Maverick Life


Frying up the vegan way

Frying up the vegan way
A basic vegan fry-up. Image: Edgar Castrejon / Unsplash

Ask anyone who has ever stumbled into a Wimpy after being out all night… There is nothing like a fry-up.

The classic fry-up is never especially lovely to look at and, decades along, would still be at home in the cookery books of the 1970s that were full of images of food that was brown and beige with some dull yellow or limp green in the (sometimes horrifying) mix. But it can soothe a gurgling hangover stomach, be the perfect brekkie on a road trip that began before the sun had even thought of rising, or make the idea of meeting childhood friends for that must-I-really-go once-a-year get-together a much happier prospect.

It’s also something that is woefully missing from breakfast menus that actually give some thought to catering for vegans. 

While we thank you for your cinnamon quinoa breakfast bowls with berries and stacked banana pancakes made with oat milk and flaxseeds and mixed fruit with coconut yogurt, sometimes what a vegan really wants is a plant-based version of the fry-up. And while we might be vegan for the planet, for the animals and for our health, like anyone else, sometimes the last of these can be chucked out the window in favour of food that is greasy and satisfying on some basic life-feels-good-right-in-this-moment level.

Here’s some good news for anyone wanting to add a vegan fry-up to their restaurant menu or offer it when their vegan friend comes over for brunch: it doesn’t have to be any more difficult than opening a tin of baked beans. 

A basic vegan fry-up can consist of little more than a plate filled with servings of the above-mentioned baked beans, mushrooms fried in vegan butter, tomatoes that have also been given a quick once over in the pan, slices of toast (make sure the bread has no animal ingredients in it – there are several supermarket versions that fit this bill) and a vegan sausage or two. Like any decent fry-up, this can be served with orange juice and followed by freshly brewed coffee.

There are, naturally, ways of upping the ante on your vegan fry-up. 

One of these is to add in scrambled tofu. And not just any scrambled tofu but one made with kala namak. You might also have heard it called Indian black salt or Himalayan black salt, kala namak brings a distinctive umami-rich, eggy flavour to any dish, and it lasts forever: we have had a bag in our house for more than a year and we make this particular breakfast dish frequently. You might also want to add turmeric, garlic powder, onio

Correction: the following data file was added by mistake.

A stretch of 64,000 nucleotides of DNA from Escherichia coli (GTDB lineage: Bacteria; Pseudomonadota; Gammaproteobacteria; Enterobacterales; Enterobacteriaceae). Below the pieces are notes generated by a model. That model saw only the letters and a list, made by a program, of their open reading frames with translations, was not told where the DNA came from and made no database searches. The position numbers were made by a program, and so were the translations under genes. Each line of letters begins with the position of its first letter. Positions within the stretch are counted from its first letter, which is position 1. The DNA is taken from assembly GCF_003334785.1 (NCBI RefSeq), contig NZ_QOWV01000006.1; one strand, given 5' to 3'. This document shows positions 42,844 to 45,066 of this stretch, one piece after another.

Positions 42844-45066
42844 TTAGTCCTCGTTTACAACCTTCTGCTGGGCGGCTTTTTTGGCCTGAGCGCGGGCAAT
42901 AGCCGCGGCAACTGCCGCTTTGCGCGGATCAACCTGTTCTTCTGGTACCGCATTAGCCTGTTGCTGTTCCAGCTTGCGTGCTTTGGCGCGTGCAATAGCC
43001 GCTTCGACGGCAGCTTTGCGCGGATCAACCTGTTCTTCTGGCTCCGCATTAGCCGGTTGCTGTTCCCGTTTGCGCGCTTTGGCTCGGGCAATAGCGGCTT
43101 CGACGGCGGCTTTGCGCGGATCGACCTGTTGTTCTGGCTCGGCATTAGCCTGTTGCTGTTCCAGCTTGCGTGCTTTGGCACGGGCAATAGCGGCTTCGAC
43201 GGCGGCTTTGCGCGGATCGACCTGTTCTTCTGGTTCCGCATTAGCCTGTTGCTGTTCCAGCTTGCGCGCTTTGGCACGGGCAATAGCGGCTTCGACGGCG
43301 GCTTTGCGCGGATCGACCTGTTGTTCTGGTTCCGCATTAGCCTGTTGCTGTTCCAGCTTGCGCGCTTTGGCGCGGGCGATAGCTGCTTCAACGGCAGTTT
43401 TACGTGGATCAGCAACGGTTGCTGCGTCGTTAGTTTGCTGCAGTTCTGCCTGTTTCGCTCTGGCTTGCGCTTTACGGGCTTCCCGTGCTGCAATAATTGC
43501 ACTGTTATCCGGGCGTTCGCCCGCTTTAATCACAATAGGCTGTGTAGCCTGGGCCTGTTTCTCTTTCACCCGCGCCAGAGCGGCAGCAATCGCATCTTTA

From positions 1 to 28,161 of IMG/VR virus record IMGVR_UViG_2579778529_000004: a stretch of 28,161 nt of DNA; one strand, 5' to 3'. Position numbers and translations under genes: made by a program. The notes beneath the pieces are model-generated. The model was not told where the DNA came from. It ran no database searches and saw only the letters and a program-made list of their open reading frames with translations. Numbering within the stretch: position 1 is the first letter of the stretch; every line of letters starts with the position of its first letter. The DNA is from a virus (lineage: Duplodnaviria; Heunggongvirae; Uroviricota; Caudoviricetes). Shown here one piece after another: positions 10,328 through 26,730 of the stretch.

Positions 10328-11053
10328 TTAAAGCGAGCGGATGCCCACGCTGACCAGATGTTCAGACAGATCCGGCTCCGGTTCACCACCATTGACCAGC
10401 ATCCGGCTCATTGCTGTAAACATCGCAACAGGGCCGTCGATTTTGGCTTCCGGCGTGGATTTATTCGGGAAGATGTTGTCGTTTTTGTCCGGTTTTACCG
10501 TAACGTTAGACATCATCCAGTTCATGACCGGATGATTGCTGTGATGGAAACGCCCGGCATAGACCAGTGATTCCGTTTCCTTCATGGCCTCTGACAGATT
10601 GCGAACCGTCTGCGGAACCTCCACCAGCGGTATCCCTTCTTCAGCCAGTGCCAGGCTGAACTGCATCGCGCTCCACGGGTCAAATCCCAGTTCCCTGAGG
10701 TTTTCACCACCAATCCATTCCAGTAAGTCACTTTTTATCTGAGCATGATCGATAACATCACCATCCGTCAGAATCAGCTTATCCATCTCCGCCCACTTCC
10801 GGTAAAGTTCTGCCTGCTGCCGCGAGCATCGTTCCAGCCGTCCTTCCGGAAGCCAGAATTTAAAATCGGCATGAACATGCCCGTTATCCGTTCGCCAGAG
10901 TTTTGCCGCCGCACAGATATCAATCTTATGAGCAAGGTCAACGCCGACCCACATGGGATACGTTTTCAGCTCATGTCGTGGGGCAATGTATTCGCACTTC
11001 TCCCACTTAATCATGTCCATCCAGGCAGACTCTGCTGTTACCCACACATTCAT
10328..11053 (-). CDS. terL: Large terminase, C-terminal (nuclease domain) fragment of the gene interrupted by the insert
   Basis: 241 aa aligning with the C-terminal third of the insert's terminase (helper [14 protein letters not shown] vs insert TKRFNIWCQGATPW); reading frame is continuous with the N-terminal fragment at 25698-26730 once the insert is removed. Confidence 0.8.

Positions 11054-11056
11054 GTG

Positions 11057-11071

Kala namak. Image: Flickr

Kala namak is also known as Indian black salt. Image: Flickr

Kala namak. Image: Flickr

Ground kala namak. Image: Flickr

n powder and paprika, or fancy it up with chilli flakes like in this recipe from Nisha at Rainbow Plant Life (who also urges you to make a breakfast burrito with the scrambled tofu for a “legit fire brunch that will please everyone”, and I can’t argue with that).

In our house, we always add something “potatoey” to our fry-ups. Usually – because we are lazy on late weekend mornings – this comes in the form of ready-made rostis bought at the supermarket and popped in the oven early enough to be crispy on the outside while remaining soft in the middle. But you can easily make your own rosti by par-boiling potatoes in salted water, refreshing them under the cold tap, grating them and adding a dash of oil, salt, freshly ground pepper and chives snipped with scissors directly into your potato mixture. If you are putting in this extra effort you can fry these ahead of making everything else and zap them in the microwave before serving.

Read in Daily Maverick: “Garth Tavares: The perfectly imperfect Cape Town Vegan” 

Actually, it’s not quite right to say that establishments offering breakfast are ignoring the easy offering of a vegan fry-up. 

As I was writing this, I saw Garth Tavares had posted a pic of a fry-up he’d had at Pure Cafe in Greyton. The serving of fried tomato, baked beans, toast, fresh spinach, sausage (a Beyond Sausage) and Just Egg had my mouth watering and dreaming of passing through Greyton. 

In the absence of that possibility, on the weekend we will again make our own fry-up, this time probably also splashing out for vegan bacon, discussing, as we often do, the ridiculousness of the arguments for keeping the names of meat products confined only to meat. But that’s a topic for another column. 

In the meantime, give a vegan fry-up a try. You might find it delicious and it might just make you happy to know that no animals were harmed in the making of it. DM/ML/OBP

Absa OBP

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